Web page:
8
$\begingroup$

This question already has an answer here:

Many occasions, where I need to work numerically with functions. For a variable strictly between 0 and 1, during the optimization, it could become 0.^0 or 0^0, which then become indeterminate.enter image description here

Is there a way to define this 0^0=1?

What are the possible down side of defining such relationship?

Thanks!

$\endgroup$

marked as duplicate by Mr.Wizard Oct 27 '14 at 5:44

This question has been asked before and already has an answer. If those answers do not fully address your question, please ask a new question.

5
$\begingroup$

With the help of @Michael E2 in my question

Case $\frac{0}{0}$

In this case,you can define your function like this:

func1[a_,b_]:=0 /;b==0
func1[a_,b_]:=a/b

Test

func1[0, 0]
1

Case$0.^0$

So you can use the /; to avoid $0.^0$

func2[x_,0]:=1/;x==0||x==0.
func2[x_,y_:0]:=x^y    

Test

 func2[0, 0]
1
 func2[0., 0]
1
$\endgroup$
11
$\begingroup$

Yes, by doing this (similar to this):

Unprotect[Power];
Power[0|0., 0|0.] = 1;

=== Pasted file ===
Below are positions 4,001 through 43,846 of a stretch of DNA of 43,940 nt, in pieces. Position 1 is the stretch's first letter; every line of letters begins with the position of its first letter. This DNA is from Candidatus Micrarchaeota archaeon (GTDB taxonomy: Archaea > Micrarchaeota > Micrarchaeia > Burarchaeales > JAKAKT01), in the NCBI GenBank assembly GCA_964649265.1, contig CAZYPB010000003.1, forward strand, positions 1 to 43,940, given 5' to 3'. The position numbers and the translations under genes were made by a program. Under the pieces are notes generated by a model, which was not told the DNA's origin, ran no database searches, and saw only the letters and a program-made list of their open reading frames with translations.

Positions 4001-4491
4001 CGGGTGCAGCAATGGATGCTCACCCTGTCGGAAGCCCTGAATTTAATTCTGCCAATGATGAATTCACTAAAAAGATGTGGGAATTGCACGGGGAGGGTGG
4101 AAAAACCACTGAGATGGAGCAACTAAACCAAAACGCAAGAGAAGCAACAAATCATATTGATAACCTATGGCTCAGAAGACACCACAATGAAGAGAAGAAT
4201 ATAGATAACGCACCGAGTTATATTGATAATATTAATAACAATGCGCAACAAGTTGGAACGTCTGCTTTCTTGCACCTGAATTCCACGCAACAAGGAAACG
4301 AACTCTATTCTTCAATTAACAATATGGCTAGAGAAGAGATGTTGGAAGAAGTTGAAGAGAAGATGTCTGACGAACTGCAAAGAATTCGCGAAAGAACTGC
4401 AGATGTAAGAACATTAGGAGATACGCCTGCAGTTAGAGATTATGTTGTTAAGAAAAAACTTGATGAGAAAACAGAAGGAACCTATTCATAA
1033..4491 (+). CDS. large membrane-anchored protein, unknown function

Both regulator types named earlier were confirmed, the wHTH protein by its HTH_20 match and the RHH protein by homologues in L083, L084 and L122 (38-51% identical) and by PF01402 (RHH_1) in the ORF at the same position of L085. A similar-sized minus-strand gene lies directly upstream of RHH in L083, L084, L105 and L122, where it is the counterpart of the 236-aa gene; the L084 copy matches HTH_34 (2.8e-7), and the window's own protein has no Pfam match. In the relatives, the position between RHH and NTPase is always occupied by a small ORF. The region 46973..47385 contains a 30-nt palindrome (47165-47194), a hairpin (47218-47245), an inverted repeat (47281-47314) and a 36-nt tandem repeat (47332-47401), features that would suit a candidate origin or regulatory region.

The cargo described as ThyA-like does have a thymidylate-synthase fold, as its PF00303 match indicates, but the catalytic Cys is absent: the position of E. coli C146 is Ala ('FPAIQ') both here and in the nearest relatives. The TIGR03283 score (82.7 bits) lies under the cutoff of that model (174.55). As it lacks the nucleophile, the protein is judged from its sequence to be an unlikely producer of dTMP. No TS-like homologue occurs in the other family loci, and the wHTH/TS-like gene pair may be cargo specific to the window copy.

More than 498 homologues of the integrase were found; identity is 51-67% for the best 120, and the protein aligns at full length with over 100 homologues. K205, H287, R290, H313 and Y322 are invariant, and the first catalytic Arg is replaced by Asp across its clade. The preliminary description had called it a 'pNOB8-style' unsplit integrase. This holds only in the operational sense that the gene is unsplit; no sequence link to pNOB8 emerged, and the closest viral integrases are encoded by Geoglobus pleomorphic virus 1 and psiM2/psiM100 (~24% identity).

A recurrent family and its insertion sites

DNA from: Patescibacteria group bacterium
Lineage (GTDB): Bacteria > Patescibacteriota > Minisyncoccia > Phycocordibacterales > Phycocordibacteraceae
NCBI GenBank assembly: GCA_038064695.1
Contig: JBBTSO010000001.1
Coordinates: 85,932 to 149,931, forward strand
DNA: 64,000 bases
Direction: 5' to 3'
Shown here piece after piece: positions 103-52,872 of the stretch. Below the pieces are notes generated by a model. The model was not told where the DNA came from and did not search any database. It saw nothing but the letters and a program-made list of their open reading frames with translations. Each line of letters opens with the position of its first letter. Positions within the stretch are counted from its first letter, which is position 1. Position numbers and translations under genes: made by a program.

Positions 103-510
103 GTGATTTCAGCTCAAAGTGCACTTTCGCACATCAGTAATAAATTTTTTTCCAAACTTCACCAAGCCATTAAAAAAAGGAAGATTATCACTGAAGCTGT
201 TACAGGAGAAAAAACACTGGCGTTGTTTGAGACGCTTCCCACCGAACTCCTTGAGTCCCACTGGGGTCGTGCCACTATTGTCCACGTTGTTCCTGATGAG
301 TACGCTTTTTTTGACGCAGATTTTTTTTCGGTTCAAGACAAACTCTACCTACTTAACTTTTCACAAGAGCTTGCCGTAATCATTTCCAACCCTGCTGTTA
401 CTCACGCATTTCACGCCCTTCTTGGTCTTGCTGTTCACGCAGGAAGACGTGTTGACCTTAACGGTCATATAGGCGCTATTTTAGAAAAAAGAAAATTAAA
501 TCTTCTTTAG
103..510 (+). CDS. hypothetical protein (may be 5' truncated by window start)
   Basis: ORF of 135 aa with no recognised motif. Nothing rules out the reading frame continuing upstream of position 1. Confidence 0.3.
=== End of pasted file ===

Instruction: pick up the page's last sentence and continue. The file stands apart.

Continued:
Protect[Power];

If you want to revert to normal:

Unprotect[Power];
ClearAll[Power];
Protect[Power];

The downside is that it doesn't make sense mathematically, and from a false premise you could reach a false conclusion. You better constrain your function in some other way. Try reading on conditional definitions here: Condition

$\endgroup$
  • 1
    $\begingroup$ Thanks! That should solve all my numerical optimization problems! $\endgroup$ – Chen Stats Yu Oct 26 '14 at 22:54
  • $\begingroup$ I did try to contain, say using Exp[x], which should be >0. But during the optimization, I still get 0.0^0. $\endgroup$ – Chen Stats Yu Oct 26 '14 at 22:57
  • 1
    $\begingroup$ @chen, maybe you can try changing Power[0, 0] = 1 to Power[0|0., 0|0.] = 1. $\endgroup$ – kglr Oct 27 '14 at 0:04
  • 3
    $\begingroup$ $0^0=1$ does make sense mathematically. Just because $\lim\limits_{(x,y)\to(0,0)}x^y$ is indeterminate does not mean that $0^0$ should be left undefined. In most practical cases, $0^0=1$ is what is wanted. We should simply note that $x^y$ is not continuous at $(0,0)$. $\endgroup$ – robjohn Dec 14 '15 at 6:33
  • $\begingroup$ Can one define 0 Log[0] = 1? $\endgroup$ – H. Kenan Mar 8 at 10:58

Not the answer you're looking for? Browse other questions tagged or ask your own question.